More school closings ahead. That was the bleak message delivered to parents when Catholic school officials from the Archdiocese of Chicago issued the system’s annual schools report on January 28. But while warning of shutting down as many as eight grade schools this fall, Archdiocese officials also called on Illinois state legislators to find a way to make private schooling more affordable, either through school vouchers, income tax credits, or–as Chicago’s Francis Cardinal George had proposed a month earlier–a Student GI Bill.
Enrollment in the Roman Catholic school system in Illinois dropped about 2 percent last year, and has fallen by 9 percent since 1993 despite an average grade school tuition of $1,700, less than one-third of the state’s average public school cost of $6,300 per pupil. That modest tuition level raises only 80 percent of total Catholic elementary school costs of approximately $2,100 per pupil, with the deficit covered for the past two years by annual $52 million infusions from the Archdiocese. With 131,000 students in 275 elementary and 47 high schools, the system is the nation’s eleventh-largest.
“We don’t want to close our schools, especially in the inner city, where we feel the mission of the schools is significant to the lives of the people,” said Doug Delany, executive director of the Catholic Conference of Illinois.
“Our goal is to remain available in all areas of the Archdiocese,” agreed Superintendent Elaine Schuster, but, she added, “we need more direct assistance in order to keep the schools for the most economically needy in place.”
The Archdiocese’s call for “more direct assistance” had been laid out a month earlier in a report of the Special Task Force on Catholic Schools in the Chicago Archdiocese. To meet the financial needs of keeping Catholic education available to all children in the Archdiocese, the report offered several approaches that go beyond the present formula of tuition increases, fundraising, and subsidies from the parishes and the Archdiocese. In particular, the report recommends that parents who choose to send their children to nongovernment schools should have access to some form of reimbursement or public financial aid.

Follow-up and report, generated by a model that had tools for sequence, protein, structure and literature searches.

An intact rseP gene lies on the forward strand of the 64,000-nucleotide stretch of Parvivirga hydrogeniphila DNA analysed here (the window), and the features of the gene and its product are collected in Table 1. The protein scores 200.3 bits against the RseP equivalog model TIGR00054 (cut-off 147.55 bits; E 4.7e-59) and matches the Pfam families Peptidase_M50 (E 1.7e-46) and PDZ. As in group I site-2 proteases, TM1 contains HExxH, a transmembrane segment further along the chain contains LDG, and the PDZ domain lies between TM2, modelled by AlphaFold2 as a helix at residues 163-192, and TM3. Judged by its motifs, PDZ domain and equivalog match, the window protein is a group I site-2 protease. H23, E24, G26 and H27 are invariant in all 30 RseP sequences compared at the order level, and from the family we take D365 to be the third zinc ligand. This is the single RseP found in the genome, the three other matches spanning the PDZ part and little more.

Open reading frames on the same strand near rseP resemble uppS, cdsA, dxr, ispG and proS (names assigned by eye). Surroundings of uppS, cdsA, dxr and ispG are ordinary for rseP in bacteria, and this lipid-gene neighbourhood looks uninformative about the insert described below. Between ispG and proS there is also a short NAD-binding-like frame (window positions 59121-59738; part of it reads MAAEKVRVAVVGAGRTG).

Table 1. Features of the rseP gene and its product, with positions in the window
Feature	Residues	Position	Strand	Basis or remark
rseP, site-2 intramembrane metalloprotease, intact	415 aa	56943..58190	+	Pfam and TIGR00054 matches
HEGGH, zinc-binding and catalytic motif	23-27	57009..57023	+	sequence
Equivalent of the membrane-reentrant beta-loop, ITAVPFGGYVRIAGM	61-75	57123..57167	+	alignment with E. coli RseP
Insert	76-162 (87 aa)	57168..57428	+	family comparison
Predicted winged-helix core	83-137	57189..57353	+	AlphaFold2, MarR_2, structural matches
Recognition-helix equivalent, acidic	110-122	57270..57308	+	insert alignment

Commenting on the report, Archbishop of Chicago Francis Cardinal George said he could not in good conscience indefinitely support a system that paid its teachers only half of what their peers earned in government schools. He also pointed out that it would cost the state an additional $1 billion a year to absorb students currently served by the Archdiocese’s schools.
“It’s primarily a political question, not a constitutional question,” he explained when asked about the separation of church and state. “The constitutional question is settled,” he added, pointing out that the Archdiocese’s proposal was like the GI Bill. So long as the money goes to the parent and not to the institution, the program would not create a constitutional problem.
The political challenge is how to develop a “GI Bill for Students” to give parents access to their tax dollars, the Cardinal said. Without such access, other changes would be required to avert piecemeal collapse of the system, such as school consolidation, increased tuition, and launching a $100 million endowment fund.
While noting that it was good for everyone to have competition and a choice of alternative schools, George warned that “it is unrealistic to maintain the system we have now” without additional funding. He was particularly concerned about the impact on the poor of a collapse of the system.
Cardinal George already has reviewed his reimbursement or tax credit proposal with Chicago Mayor Richard M. Daley and the leaders of the Illinois General Assembly. The chairman of the Senate Education Committee agrees that “more dramatic intervention” may be required to avert the failure of the Chicago Catholic school system.
“I think there is a legitimate public policy interest in ensuring the viability of the Chicago Catholic school system,” State Senator Dan Cronin told the Chicago Tribune.
George A. Clowes is managing editor of School Reform News.